Virtually every week, a new diet fad comes along that promises us smaller waste lines, better beach bodies, more energy, or a healthier life. Flip on the television for long and you’re sure to see someone claiming that they lost 100 pounds while still eating ice cream thanks to a new miracle cure for weight gain. Though some of these miracle diets are quite ridiculous, there are others that seem quite logical and have many devoted followers. When examined closely, all of these diets tend to follow along one of two common threads of logic. The first school of thought posits that carbohydrates are especially fattening because they stimulate the production of insulin—a hormone that also encourages the body to store up fat. The second school of thought argues that cutting out fat is the way to go. Read on to learn more about the benefits and limitations of each of these competing dietary narratives.
The Low-Carb Diet.
Carbohydrates are found in a great deal of the food we eat—but above all else, they are usually found in grains. From spaghetti, to bread, to oatmeal, to birthday cake—carbohydrates can be difficult to avoid. However, according to many diehard proponents of the low-carb diet, that is exactly what we need to do if we want to lose weight.
The first reason for this was mentioned above. Consuming carbohydrates stimulates the production of insulin, a hormone that aids in the storing of fat. It is also worth mentioning that diabetes severely impacts the ability of the body to produce insulin—meaning that diabetics who consume carbohydrates will experience a spike in blood sugar that must often be countered by medication. Because of this, it can be said with a fair deal of certainty that low-carb diets are indeed recommendable for diabetics.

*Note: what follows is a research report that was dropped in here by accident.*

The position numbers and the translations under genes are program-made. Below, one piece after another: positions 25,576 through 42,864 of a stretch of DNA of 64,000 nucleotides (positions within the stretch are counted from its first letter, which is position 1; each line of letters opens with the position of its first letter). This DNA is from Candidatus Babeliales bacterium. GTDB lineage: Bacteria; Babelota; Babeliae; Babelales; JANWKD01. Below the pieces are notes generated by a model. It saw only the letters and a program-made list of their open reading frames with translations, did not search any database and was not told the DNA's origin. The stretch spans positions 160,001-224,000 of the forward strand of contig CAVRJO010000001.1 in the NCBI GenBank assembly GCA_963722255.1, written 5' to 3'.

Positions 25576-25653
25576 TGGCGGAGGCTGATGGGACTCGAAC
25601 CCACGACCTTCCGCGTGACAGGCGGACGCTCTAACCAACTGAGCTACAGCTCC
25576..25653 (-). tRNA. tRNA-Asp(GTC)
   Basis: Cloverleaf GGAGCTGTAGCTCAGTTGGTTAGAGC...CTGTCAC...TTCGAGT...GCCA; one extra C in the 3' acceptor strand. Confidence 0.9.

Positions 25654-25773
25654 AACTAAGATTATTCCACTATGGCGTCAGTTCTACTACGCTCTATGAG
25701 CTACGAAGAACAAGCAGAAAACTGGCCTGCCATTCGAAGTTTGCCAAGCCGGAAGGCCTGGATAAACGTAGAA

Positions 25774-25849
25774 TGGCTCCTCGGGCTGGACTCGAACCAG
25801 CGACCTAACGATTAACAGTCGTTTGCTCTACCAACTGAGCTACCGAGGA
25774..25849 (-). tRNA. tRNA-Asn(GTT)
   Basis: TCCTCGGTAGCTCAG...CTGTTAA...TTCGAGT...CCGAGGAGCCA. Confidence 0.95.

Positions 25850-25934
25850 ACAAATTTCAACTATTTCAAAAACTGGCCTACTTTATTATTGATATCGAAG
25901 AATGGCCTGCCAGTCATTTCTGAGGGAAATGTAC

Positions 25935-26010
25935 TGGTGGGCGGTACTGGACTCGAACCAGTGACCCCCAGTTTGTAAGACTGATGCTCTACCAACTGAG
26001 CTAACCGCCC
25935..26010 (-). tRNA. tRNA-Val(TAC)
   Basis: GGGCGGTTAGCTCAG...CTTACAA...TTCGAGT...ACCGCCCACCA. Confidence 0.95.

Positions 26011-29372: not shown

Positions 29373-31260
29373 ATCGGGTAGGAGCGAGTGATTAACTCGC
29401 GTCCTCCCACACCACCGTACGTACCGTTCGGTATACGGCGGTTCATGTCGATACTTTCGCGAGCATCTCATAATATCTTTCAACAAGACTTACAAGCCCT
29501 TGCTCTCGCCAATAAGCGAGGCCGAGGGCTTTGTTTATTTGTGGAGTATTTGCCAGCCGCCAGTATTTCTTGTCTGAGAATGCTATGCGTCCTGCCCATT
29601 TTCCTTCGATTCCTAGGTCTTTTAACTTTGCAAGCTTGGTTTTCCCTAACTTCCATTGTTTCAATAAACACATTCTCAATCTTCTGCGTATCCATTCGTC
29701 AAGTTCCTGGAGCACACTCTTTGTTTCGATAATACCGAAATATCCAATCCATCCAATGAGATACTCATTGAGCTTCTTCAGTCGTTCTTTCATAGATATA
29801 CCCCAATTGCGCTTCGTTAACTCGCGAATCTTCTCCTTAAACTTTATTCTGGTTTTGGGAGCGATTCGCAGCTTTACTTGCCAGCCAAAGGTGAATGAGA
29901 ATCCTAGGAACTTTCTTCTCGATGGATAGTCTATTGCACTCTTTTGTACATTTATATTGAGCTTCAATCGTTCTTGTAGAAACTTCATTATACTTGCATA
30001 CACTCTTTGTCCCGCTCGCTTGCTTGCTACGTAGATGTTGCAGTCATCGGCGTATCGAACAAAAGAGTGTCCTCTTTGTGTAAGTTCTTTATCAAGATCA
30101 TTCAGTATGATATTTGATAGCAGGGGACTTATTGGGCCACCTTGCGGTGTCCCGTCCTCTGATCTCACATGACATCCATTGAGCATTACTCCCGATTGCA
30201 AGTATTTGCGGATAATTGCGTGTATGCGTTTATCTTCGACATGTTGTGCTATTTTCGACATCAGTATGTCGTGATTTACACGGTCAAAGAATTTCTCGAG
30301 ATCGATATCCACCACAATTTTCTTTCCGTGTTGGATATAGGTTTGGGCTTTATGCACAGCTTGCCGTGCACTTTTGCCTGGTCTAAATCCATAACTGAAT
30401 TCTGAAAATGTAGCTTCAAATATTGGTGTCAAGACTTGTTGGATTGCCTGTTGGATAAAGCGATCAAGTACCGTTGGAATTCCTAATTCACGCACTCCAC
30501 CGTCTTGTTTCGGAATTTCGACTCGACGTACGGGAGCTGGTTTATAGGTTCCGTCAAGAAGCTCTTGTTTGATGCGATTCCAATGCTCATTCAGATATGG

As far as non-diabetics are concerned, the low-carb diet is still intriguing. However, many may be drawn to the low-fat diet.
The Low-Fat Diet.
The low fat diet first exploded in popularity during the 1970’s, when public awareness about the country’s obesity problem first rose to the center stage. In response, many companies began producing food that was “low fat.” This had an unintended consequence: in order to replace the flavor lost by fat, many companies began filling food with extra sugar—which, according to numerous studies, may have caused the entire low-fat attitude to backfire.
That being said, it is still obviously possible to eat a low-fat diet “the right way.” In other words, rather than purchasing foods that have had the fat artificially replaced with sugar, simply choosing foods that are naturally low in fat such as fruits and vegetables, healthy grains, and eggs. In this case, you may very well stand to benefit from a low-fat diet.
Calories: The Real Target.
Here’s the secret about both the low-carb and the low-fat diets: they are actually both targeting the same common enemy—calories. In the end, weight gain and weight loss are the products of a simple equation: calories consumed versus calories burned. Because both carbohydrates and fat tend to be rich in calories, taking either one of the two out of your diet could help you to reduce the overall amount of calories that you consume, thus helping you lose weight. However, it is just as plausible (and much more balanced) to simply cut back a bit on both: reducing your overall calorie intake without giving up carbs or fats completely. In the end, it all comes down to what works for you.
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